Rae made a face. Mom’s lists were always full of nitpicky crap, like what Rae should and shouldn’t eat or what hours she could be out without an adult chaperone and other Mom-ish stuff.
“Relax, honey.” From the doorway, Dad chuckled. “She’s sixteen, not six.”
“Yeah, and I’ve got an audition this afternoon, so I don’t have time for your fussing.” Rae crossed her arms. “Go home so I can practice.”
“Wait, you have an audition already?” Mom frowned. “I thought the program didn’t begin until Monday.”
“Not for the festival.” Rae rolled her eyes. “Arthur Theater, remember? They’re staging a new opera about World War Two, and they have open auditions for the chorus.” The community theater specialized in undiscovered talent—both on and off stage. Growing up in an artsy town like Rexford, she’d always been surrounded by fresh ideas on the cusp of becoming something great. Now that she was old enough, she could finally take part.
This time, it was Dad who frowned. “Wait, you want to do an opera and the camp? Are you sure you can handle both?”
Rae didn’t dignify that with an answer; she simply lifted her brows and angled her mouth in an expression that said it all.

She’d find a way to make everything work, and nothing would stop her now.

4 comments:

  1. Thanks for the sneak peak, Mary! I like the concept you've presented for the novel. I think what you have here is well written and it draws me in as your writing usually does. The only comment I can offer is that Rae comes across as a major brat. If that's what you're going for, then you nailed it. If it's not, then you might want to dial down the attitude toward the parents. Or add in some sort of empathetic feelings or at least respect toward them. She may only be 10 minutes from home, but it's pretty unfeeling and cold of her to tell her parents to 'go home'. Maybe this is just the mom side of me reading -- I know if my daughter talked to me the way Rae did I'd probably drag her back to the car and not let her stay at camp! But again, you may be going for the major brat with push-over parents. I did like her reaction to her dad's question about the opera and the camp - that told me she was ultra confident in her skill and abilities.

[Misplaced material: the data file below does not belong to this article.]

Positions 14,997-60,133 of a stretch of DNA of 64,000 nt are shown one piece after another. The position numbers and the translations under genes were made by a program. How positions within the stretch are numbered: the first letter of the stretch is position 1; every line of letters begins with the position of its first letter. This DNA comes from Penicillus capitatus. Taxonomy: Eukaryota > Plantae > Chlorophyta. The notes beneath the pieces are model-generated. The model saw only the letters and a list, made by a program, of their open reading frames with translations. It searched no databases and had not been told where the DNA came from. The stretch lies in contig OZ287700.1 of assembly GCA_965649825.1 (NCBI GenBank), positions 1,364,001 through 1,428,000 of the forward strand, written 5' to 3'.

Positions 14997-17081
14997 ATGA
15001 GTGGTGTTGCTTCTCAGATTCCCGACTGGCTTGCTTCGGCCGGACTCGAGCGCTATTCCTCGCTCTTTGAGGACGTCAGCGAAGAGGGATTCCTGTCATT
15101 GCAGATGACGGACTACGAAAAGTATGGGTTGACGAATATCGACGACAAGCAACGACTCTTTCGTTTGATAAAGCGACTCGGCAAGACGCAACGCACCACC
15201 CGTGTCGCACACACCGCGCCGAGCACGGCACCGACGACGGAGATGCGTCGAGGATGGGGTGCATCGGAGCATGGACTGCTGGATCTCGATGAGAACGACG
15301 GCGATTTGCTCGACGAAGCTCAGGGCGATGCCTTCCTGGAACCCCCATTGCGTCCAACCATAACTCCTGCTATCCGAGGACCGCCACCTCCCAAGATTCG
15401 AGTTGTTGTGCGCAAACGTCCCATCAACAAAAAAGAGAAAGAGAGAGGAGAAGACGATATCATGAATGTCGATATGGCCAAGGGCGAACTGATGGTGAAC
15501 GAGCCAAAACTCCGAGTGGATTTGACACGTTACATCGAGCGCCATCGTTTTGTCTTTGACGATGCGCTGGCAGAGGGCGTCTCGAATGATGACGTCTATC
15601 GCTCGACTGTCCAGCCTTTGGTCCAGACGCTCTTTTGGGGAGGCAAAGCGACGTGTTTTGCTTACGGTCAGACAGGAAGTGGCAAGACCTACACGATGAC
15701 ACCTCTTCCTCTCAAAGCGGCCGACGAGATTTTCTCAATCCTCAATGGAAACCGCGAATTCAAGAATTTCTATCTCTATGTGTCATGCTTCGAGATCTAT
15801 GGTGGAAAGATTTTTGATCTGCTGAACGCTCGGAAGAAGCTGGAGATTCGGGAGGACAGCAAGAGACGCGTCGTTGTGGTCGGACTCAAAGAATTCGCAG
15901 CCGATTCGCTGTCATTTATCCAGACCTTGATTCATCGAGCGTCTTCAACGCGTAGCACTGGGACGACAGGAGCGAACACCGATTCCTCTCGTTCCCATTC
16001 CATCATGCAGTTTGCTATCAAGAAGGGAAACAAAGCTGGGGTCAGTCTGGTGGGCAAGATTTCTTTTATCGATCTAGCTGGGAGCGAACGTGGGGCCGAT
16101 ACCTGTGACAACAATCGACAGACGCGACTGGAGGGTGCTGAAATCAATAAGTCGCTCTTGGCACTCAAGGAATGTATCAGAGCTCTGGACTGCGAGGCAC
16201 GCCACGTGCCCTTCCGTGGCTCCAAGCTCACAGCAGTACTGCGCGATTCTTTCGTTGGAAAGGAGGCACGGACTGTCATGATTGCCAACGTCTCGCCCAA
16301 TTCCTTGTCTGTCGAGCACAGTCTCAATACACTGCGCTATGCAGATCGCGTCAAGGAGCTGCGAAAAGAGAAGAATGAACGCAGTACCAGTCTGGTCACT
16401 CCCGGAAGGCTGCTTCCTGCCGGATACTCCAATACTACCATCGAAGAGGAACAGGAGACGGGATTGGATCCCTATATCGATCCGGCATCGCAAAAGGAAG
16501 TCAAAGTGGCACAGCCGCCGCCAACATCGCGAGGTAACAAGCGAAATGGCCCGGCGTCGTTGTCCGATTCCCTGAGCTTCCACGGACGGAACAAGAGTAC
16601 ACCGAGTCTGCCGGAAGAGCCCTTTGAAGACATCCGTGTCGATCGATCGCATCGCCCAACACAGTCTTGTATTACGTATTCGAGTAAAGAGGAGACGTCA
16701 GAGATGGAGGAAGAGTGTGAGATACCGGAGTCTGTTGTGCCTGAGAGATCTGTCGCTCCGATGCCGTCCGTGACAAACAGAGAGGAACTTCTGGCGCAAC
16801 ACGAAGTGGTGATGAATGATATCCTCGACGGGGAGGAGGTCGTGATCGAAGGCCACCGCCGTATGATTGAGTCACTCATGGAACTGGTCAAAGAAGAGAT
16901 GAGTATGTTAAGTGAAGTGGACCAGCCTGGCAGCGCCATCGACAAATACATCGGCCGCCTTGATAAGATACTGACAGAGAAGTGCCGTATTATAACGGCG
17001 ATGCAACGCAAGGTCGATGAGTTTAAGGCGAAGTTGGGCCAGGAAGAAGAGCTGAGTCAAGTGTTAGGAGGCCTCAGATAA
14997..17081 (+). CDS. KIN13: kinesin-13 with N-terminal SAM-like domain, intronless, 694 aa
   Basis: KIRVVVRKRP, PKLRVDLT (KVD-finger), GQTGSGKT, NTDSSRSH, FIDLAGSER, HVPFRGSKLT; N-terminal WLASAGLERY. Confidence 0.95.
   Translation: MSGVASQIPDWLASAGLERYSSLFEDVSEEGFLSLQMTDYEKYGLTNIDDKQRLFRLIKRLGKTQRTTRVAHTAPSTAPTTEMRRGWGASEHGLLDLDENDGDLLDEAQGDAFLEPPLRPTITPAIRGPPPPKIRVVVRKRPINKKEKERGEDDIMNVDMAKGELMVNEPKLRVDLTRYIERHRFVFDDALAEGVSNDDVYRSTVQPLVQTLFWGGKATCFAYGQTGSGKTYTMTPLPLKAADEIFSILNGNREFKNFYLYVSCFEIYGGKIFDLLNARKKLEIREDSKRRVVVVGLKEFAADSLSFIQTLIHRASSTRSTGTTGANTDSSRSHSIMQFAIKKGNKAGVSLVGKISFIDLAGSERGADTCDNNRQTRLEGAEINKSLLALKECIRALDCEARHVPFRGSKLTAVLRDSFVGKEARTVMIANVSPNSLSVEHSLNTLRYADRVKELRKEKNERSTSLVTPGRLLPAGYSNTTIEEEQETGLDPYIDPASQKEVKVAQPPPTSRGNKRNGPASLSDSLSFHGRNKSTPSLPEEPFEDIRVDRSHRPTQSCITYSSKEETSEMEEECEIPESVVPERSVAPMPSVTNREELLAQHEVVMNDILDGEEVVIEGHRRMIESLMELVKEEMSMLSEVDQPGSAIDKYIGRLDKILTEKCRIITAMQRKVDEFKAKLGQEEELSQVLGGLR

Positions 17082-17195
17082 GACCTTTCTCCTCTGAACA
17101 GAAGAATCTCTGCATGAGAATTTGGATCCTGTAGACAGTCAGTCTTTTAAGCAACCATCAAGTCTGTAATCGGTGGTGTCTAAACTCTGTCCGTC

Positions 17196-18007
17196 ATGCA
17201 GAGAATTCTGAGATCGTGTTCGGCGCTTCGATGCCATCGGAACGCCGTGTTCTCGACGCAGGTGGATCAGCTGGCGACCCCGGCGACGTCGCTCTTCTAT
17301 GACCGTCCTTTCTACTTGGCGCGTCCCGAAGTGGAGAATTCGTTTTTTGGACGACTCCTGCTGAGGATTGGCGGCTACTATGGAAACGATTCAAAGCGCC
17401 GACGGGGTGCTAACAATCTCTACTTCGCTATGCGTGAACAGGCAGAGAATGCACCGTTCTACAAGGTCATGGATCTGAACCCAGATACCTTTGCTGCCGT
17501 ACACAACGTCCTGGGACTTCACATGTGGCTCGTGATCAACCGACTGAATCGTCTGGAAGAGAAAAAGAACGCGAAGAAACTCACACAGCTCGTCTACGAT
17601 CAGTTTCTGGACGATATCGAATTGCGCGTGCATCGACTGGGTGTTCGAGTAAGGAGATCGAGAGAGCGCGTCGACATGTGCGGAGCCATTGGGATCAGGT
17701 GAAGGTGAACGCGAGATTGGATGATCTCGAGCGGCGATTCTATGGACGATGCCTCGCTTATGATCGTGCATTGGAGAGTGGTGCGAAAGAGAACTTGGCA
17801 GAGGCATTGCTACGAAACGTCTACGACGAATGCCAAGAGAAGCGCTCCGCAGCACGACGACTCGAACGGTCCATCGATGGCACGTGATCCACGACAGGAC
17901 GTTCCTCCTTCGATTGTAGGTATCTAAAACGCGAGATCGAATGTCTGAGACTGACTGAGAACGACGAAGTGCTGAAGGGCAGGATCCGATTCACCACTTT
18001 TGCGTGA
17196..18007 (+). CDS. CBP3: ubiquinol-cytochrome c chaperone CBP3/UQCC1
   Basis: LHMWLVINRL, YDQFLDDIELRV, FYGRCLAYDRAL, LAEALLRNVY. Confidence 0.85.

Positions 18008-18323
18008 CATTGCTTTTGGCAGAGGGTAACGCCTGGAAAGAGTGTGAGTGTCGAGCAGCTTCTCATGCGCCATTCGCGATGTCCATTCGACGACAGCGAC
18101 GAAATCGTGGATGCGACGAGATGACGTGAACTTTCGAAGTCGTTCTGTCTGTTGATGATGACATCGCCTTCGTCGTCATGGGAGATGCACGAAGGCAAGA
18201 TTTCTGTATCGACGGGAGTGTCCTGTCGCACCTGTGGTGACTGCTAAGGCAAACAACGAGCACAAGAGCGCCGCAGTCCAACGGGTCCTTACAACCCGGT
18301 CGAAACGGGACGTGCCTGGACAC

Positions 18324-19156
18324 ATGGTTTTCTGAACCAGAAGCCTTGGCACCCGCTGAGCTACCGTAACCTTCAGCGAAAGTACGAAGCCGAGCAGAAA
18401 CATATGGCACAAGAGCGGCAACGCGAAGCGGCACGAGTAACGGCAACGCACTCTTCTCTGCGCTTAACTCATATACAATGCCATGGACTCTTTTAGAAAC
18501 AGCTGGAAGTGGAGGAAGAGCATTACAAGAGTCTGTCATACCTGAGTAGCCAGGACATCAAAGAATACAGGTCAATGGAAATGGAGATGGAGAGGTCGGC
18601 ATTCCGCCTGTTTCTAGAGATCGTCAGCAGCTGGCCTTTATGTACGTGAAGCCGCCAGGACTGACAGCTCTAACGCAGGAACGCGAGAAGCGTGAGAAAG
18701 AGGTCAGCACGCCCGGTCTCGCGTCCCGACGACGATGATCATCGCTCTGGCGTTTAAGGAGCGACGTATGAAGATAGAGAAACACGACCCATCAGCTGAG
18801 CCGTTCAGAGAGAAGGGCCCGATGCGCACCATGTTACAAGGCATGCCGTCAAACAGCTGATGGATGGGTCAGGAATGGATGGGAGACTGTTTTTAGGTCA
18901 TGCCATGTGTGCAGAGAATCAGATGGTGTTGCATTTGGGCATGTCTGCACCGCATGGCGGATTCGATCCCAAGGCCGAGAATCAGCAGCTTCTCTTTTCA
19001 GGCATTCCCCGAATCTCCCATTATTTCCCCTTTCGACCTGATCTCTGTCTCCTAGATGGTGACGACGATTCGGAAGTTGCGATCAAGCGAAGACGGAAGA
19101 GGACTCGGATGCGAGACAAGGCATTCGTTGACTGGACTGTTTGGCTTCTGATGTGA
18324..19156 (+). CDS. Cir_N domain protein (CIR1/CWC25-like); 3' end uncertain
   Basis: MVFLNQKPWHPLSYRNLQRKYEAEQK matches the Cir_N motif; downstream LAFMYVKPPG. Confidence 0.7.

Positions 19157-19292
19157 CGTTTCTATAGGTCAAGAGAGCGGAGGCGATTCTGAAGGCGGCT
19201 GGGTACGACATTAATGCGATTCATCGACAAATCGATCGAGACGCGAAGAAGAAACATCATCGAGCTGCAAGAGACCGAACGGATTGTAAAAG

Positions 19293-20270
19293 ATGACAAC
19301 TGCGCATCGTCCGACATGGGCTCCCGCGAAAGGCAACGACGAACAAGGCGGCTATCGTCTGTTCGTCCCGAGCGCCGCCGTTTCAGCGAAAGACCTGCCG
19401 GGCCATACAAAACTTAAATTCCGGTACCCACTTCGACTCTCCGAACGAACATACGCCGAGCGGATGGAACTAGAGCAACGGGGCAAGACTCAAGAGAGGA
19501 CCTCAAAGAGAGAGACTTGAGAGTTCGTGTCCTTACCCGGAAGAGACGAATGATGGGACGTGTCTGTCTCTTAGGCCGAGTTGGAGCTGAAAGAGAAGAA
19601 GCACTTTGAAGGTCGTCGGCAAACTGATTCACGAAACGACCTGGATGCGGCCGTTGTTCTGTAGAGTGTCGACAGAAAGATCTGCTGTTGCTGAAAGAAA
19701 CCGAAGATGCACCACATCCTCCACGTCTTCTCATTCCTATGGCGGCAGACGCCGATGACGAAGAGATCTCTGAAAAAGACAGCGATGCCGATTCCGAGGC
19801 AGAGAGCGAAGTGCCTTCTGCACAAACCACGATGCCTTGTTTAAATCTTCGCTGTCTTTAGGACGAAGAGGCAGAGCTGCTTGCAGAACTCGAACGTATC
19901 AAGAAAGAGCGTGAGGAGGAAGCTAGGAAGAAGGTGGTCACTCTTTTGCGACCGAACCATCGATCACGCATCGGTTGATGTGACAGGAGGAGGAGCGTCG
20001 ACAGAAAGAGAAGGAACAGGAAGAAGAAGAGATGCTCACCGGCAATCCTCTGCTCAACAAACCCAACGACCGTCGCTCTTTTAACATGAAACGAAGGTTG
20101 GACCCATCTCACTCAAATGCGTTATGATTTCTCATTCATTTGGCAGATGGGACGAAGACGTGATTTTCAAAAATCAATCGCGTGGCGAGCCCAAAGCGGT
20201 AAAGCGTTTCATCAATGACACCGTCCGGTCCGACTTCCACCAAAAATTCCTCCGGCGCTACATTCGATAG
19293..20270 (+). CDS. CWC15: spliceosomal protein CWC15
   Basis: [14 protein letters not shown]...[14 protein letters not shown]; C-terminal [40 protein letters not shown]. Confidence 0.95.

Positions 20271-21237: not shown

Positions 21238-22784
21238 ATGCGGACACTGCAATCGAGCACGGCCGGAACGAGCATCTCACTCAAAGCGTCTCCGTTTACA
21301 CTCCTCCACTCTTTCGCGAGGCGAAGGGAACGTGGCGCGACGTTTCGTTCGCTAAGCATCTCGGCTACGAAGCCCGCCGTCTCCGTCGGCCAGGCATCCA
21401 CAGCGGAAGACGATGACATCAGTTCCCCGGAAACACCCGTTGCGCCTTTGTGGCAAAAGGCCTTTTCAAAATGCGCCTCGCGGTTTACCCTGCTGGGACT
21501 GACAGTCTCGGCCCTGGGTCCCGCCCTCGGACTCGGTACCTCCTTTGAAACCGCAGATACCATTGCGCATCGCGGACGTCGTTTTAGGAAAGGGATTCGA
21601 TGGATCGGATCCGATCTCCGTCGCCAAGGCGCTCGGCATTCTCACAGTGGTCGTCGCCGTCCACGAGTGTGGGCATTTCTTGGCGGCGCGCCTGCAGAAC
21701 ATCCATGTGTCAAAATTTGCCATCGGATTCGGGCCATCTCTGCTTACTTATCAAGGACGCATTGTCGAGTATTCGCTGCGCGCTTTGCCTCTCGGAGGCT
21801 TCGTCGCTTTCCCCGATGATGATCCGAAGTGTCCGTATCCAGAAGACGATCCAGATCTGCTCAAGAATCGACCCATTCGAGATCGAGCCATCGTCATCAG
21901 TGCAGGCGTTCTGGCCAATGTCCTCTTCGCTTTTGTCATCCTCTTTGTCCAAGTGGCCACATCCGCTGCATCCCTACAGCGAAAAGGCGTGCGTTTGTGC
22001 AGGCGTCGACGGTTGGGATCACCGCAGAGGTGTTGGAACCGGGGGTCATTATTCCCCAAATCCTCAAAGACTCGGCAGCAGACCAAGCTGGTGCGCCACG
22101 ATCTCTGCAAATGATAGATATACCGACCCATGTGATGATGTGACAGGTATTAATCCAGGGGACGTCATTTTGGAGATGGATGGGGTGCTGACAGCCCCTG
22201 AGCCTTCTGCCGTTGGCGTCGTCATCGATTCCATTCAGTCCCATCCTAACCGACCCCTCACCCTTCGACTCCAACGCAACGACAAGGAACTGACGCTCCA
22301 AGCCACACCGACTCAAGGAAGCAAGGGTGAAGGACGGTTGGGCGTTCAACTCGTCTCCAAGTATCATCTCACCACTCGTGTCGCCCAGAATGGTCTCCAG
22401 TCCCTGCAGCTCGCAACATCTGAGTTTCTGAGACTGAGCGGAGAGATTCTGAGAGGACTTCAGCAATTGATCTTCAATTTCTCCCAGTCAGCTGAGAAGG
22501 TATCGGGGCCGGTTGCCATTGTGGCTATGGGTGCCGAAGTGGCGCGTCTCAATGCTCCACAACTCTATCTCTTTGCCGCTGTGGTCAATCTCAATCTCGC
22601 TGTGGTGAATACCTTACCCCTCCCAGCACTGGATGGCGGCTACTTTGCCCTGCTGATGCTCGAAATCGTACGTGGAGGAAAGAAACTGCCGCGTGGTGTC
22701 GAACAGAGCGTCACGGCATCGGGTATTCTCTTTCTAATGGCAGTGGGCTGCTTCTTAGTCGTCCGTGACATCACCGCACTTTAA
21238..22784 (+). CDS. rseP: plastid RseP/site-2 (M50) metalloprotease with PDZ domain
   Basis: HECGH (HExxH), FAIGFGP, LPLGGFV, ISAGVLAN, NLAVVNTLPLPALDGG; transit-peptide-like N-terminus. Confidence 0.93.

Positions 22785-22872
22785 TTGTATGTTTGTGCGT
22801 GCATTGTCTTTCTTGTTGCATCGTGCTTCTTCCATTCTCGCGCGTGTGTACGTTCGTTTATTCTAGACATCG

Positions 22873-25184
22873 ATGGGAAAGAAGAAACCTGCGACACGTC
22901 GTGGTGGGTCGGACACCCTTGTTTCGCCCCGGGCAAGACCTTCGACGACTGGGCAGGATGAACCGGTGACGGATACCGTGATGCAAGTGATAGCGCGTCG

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    1. LOL! Yeah she is something of a brat :-)

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  2. Thank you so much for critiquing!!

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  3. I totally feel you on the life and writing slump. Blahh! But congrats on forcing the words out. I know how hard that can be. I really like Rae and already find her to be a sympathetic character. Working at a college, I actually know students who go to campus 10 minutes away from their parents and make it work, so the concept is definitely realistic. I don't really have any nits. Maybe you could name some of the artists who got their starts at the Arts Festival? Other than that, the writing is smooth and it seems like a great start/3rd chapter of a story. Good luck with it-- and the slumps! No shame in it. I think we all go through it once in a while!